Wednesday, January 17, 2007

Cadavers on stage: Bieito's Wozzeck in Madrid

I managed to crash the opening night of Calixto Bieito`s production of Berg´s Wozzeck at the Teatro Real in Madrid last Friday. This was the premiere of this production in the Spanish capital, first seen in Barcelona´s Gran Teatre del Liceu last season. The Spanish Royals were not in attendance, but the Teatro could have used the extra security that evening. I have never in my life witnessed such vociferous booing, feet stomping and whistle calls during curtains, not even when soccer player David Beckham got canned at the Real Madrid. But, I think even the booers at Teatro Real realized what we had just seen something quite extraordinary.

Yes, there were some gruesome, very disturbing scenes as expected, particularly having to do with the doctors experiments: he rubs a naked male cadaver, as if preparing to perform a liposuction. Later, he does the same to a female cadaver, and proceeds to lick her body parts, all the while having his casual exchanges with Franz. There are also bloody fights, vomiting, and religious sacrilege (Marie, as she prays to the bible, rips it to shreds and throws the pieces around the stage). At one time, there were so many naked people on stage, you´d think you were participating in a Stephen Tunick installation.

Calixto denies that he tries to become the protagonist of every opera he directs -- of course, I don´t believe it. But I also think in that, in this case at least, it is a very theatrically effective, coherent production. This is not Madama Butterfly, or Ballo in Maschera, operas bathed in tradition and belcanto splendor. Berg´s score lends itself to this sort of edge, with its disjointed scenes stiched together by a score of claustrophobic rumbles, cacophonous alienation, culminating in visceral, psychotic expostulations. This also worked because the performances were simply UNBELIEVABLE, an entire cast of stupendous singing actors! As Marie, Angela Denoke was fabulosa, singing with the hair-raising intensity of a Hildegard Berehns but also with a gorgeous voice. Wozzeck was amazing as well, a guy I never heard of before called Jochen Schmeckenbecher. The necrophiliac doctor was Johann Till and the Drum Major was Jon Villars. Except for Bieito, everyone was warmly applauded.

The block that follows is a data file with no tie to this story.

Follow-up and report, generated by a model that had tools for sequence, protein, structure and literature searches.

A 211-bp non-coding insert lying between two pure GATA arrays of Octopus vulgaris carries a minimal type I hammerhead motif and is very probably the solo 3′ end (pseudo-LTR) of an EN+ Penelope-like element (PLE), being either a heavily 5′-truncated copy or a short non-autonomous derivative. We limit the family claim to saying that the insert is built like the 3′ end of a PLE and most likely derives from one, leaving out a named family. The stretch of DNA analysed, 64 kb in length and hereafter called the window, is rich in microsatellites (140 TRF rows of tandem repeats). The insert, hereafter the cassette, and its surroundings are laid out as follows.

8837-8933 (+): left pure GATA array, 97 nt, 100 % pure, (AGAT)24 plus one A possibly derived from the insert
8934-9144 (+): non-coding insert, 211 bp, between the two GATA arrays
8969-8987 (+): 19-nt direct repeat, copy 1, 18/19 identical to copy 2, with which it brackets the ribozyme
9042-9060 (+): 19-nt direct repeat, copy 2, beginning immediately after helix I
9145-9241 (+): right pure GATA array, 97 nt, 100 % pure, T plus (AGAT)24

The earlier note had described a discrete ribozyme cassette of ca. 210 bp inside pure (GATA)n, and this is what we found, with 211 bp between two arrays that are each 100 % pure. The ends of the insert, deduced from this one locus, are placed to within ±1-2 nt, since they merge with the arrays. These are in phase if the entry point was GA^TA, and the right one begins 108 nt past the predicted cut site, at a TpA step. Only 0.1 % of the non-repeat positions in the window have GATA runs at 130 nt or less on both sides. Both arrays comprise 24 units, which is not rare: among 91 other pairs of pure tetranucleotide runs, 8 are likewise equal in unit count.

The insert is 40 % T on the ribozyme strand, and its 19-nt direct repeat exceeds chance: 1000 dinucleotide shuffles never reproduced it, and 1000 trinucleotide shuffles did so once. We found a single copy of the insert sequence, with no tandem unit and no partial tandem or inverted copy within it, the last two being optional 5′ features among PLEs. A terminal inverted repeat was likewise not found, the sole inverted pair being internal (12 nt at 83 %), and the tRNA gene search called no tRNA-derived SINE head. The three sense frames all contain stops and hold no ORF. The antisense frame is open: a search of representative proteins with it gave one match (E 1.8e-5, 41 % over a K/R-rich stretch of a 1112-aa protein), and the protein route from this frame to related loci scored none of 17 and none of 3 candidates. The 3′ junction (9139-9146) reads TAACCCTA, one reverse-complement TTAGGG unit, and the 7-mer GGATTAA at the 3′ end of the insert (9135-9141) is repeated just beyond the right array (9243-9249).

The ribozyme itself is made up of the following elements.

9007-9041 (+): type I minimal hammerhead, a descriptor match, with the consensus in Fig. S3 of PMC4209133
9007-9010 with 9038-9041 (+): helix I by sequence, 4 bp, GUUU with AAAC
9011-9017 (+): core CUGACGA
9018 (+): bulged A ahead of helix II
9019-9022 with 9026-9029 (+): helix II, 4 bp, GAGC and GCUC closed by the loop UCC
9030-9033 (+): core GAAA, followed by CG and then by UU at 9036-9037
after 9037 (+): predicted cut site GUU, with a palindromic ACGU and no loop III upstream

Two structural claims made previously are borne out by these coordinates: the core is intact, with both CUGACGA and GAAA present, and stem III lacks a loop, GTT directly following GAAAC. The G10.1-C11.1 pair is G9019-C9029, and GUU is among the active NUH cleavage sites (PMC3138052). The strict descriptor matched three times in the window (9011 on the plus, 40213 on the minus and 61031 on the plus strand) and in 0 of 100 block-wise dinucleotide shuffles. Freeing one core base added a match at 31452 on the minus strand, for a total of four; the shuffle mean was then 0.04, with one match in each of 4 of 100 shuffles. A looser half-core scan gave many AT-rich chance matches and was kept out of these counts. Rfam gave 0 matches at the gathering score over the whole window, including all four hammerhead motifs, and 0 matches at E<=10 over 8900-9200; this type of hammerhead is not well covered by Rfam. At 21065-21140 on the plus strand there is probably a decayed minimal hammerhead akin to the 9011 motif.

I was of course prepared for controversy, violence and nudity. What I was not prepared for was what a visually stunning production this was. Predominantly black, gray and red, this Wozzeck is set in a petroleum refinery, with a maze of tubes (think roof of Centre Pompidou) leading nowhere in particular. Wozzeck and the other soldiers become refinery workers, the Drum Major an Elvis impersonator.

The booing was very loud and demonstrative, even for warm blooded Madrileños. I can´t say that I entirely understand the psychology of the audience, but I suspect some of the were boing is because they know that booing is what Calixto wants, and they are just obediently showing the chosen form of praise in Calixto´s universe.

© 2007 C. Chang

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